The BICE exemptions were also criticized. “When brokers and insurance representatives use the BICE exemptions, as they must in order to preserve their commissions, they are required to expose themselves to potential liability beyond the tax penalties provided for in ERISA,” the Court’s opinion says.

“Throughout the financial services industry, thousands of brokers and insurance agents who deal with IRA investors must either forgo commission-based transactions and move to fees for account management or accept the burdensome regulations and heightened lawsuit exposure required by the BICE contract provisions,” it added. “It is likely that many financial service providers will exit the market for retirement investors rather than accept the new regulatory regime.”

The Court also questioned whether the Obama Administration, in its zeal to issue the rule, ignored a Dodd-Frank Act mandate for the SEC as well as turned a blind eye to additional controls under the purview of states.

“The 2010 Dodd-Frank Act amended both the Securities Exchange Act and the Investment Advisers Act of 1940, empowering the Securities and Exchange Commission to promulgate enhanced, uniform standards of conduct for broker-dealers and investment advisers who render ‘personalized’ investment advice about securities to a retail customer,” the opinion says. “Significantly, Dodd-Frank prohibits the SEC from eliminating broker-dealers’ commissions or other standard compensation.”

What’s next?

Despite the latest ruling, the final fate of the fiduciary rule is far from fully written.

“The 5th Circuit’s decision to vacate the Labor Department’s fiduciary rule in its entirety creates a new round of uncertainty in the ongoing saga of the rule,” says Josh Lichtenstein, tax and benefit partner for law firm Ropes & Gray. “The 5th Circuit is now at odds with multiple other courts that have upheld the rule, including the 10th Circuit. While the government decides whether to request an en banc review of the ruling [a rehearing before all of the appellate court’s judges], appeal the case to the Supreme Court, or take no action, financial institutions are forced to decide how to react, especially if part of their operations is located in the 5th Circuit.”

“This possibility of having the rule apply in some parts of the country but not in others creates new risks and compliance challenges for institutions, reopening the period of uncertainty around the rule shortly after the DoL had resolved similar uncertainties by delaying the compliance date for portions of the rule,” he adds. “It also remains to be seen whether state regulators will move forward with new enforcement actions or create new rules in response to the new uncertainty that this decision brings.”

Stephen Hall, legal director and securities specialist for the investor advocacy group Better Markets, blasted the appellate court’s decision to vacate the rule.

“The decision is riddled with flaws,” he argued. “The court misapplied the law, deviated from the decisions of every other court to consider the rule, and turned a blind eye to dramatic changes in the retirement landscape over the last 40 years.”

“Moreover, the opinion is infused with hostility toward the Labor Department and the rule itself,” he adds. “That tenor has no place in a decision of a federal circuit court, particularly on a matter of such enormous importance to the public … This decision is also a slap in the face to the dedicated and hardworking public servants at the Labor Department who labored for more than five years conducting rigorous analysis and outreach to all affected groups, including most prominently industry, who insisted on, and received, unprecedented access and input.”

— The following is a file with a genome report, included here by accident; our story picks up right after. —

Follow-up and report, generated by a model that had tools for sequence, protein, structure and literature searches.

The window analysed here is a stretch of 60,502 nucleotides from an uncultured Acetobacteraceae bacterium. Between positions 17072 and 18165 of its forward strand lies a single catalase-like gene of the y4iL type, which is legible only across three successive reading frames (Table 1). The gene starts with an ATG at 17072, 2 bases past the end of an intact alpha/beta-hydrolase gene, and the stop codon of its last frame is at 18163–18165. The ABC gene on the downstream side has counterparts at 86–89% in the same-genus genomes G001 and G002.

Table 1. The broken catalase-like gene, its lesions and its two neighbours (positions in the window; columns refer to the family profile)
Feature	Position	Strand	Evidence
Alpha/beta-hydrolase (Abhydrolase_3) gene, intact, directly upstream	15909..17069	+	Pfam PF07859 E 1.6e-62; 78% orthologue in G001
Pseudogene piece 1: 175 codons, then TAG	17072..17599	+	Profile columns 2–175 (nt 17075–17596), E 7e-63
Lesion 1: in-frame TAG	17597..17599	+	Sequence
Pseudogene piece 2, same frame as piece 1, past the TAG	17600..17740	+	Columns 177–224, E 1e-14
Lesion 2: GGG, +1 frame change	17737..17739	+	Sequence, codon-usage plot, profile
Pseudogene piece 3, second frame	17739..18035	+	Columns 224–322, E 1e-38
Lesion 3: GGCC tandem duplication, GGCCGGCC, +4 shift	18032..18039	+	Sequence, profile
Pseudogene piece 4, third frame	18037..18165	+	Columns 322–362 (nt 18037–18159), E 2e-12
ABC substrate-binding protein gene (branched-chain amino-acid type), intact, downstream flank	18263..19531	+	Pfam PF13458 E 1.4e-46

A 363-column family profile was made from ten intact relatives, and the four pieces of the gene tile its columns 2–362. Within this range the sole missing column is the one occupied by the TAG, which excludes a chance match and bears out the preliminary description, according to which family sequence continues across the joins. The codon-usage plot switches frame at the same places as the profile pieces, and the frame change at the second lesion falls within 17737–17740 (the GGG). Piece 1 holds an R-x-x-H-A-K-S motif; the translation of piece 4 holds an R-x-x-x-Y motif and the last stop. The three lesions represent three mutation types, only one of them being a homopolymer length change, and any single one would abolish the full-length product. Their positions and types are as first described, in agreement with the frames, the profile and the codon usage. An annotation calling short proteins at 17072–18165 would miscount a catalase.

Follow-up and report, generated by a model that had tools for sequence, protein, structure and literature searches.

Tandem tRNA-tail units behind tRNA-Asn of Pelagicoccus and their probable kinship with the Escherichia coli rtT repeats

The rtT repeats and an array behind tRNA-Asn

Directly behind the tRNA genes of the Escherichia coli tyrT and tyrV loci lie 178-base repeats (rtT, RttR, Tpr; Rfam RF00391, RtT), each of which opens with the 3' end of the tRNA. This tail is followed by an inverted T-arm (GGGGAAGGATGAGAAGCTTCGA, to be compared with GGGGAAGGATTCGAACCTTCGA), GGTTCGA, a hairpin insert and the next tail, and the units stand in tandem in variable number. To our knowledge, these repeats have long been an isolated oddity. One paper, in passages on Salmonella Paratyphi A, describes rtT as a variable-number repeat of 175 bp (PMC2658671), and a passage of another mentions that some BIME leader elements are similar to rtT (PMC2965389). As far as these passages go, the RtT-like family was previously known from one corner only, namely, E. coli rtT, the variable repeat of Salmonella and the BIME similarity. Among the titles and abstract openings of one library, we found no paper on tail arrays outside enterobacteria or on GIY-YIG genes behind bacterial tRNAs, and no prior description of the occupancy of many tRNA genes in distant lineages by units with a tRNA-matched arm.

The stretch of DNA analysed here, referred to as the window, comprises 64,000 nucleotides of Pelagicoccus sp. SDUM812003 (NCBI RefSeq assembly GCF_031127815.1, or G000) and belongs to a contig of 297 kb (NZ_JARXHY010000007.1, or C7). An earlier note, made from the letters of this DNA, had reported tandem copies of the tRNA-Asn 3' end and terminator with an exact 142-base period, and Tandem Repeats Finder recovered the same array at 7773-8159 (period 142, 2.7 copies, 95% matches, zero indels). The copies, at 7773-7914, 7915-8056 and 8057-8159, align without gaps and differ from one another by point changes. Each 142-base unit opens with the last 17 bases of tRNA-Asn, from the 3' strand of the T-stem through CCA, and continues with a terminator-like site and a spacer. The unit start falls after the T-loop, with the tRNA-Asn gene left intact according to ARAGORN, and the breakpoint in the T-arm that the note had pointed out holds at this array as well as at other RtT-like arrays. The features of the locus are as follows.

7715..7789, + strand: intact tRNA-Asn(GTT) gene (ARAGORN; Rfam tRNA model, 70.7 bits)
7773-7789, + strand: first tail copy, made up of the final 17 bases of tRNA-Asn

The Labor Department “should pursue every possible avenue for challenging the court’s decision,” Hall says.

Meanwhile, it is increasingly likely that the SEC will step into the fray with a proposal of its own.

“With the Labor Department’s fiduciary rule now partially in effect, it is important that the Commission make all reasonable efforts to bring clarity and consistency to this area,” Chairman Jay Clayton said in a July 2017 speech. “It is my hope that we can act in concert with our colleagues at the Department of Labor in a way that best serves the long-term interests of Mr. and Ms. 401(k).” The Commission subsequently solicited public comments to help guide its proposal.

Elizabeth Kelly, senior vice president of operations at United Income, a FinTech firm that leverages technology to provide financial planning and money management services for people nearing or entering retirement, is among the outspoken defenders of the fiduciary rule.

She served as special assistant to the President at the White House National Economic Council during the Obama Administration and was tasked with engagement and outreach to federal agencies on behalf of the rule and other retirement initiatives and policy.

Kelly dismisses accusations by critics that the rule was hastily forced through the administration in its waning days. “We ran an incredibly thorough process; there were over 100 in-person meeting, thousands of comments, and three days of public hearings,” she says. “There were substantial changes made to the rule to reflect the input we received. I think there are many people who were in the administration who would say it was one of the most thoughtful, careful, and detailed rulemaking processes they have ever seen. The Labor Department did an outstanding job.”

Her hope is that one of the judges on the Fifth Circuit will take internal action to keep the most recent ruling from going into effect and seek en banc rehearing of the case by the full court.

“There is a clear circuit split between the Fifth Circuit, a 10th Circuit Court of Appeals decision issued recently and, potentially, a D.C. Circuit hearing on this case that is coming up shortly,” Kelly says. “This is something that could go to the Supreme Court and, in my opinion, should.”

As for her current firm, it proves that the fiduciary rule is not as onerous as critics claim, she says: “We have been fully compliant with the rule since Day One and, given our experience, it is workable for both the business and its clients’ best interests.”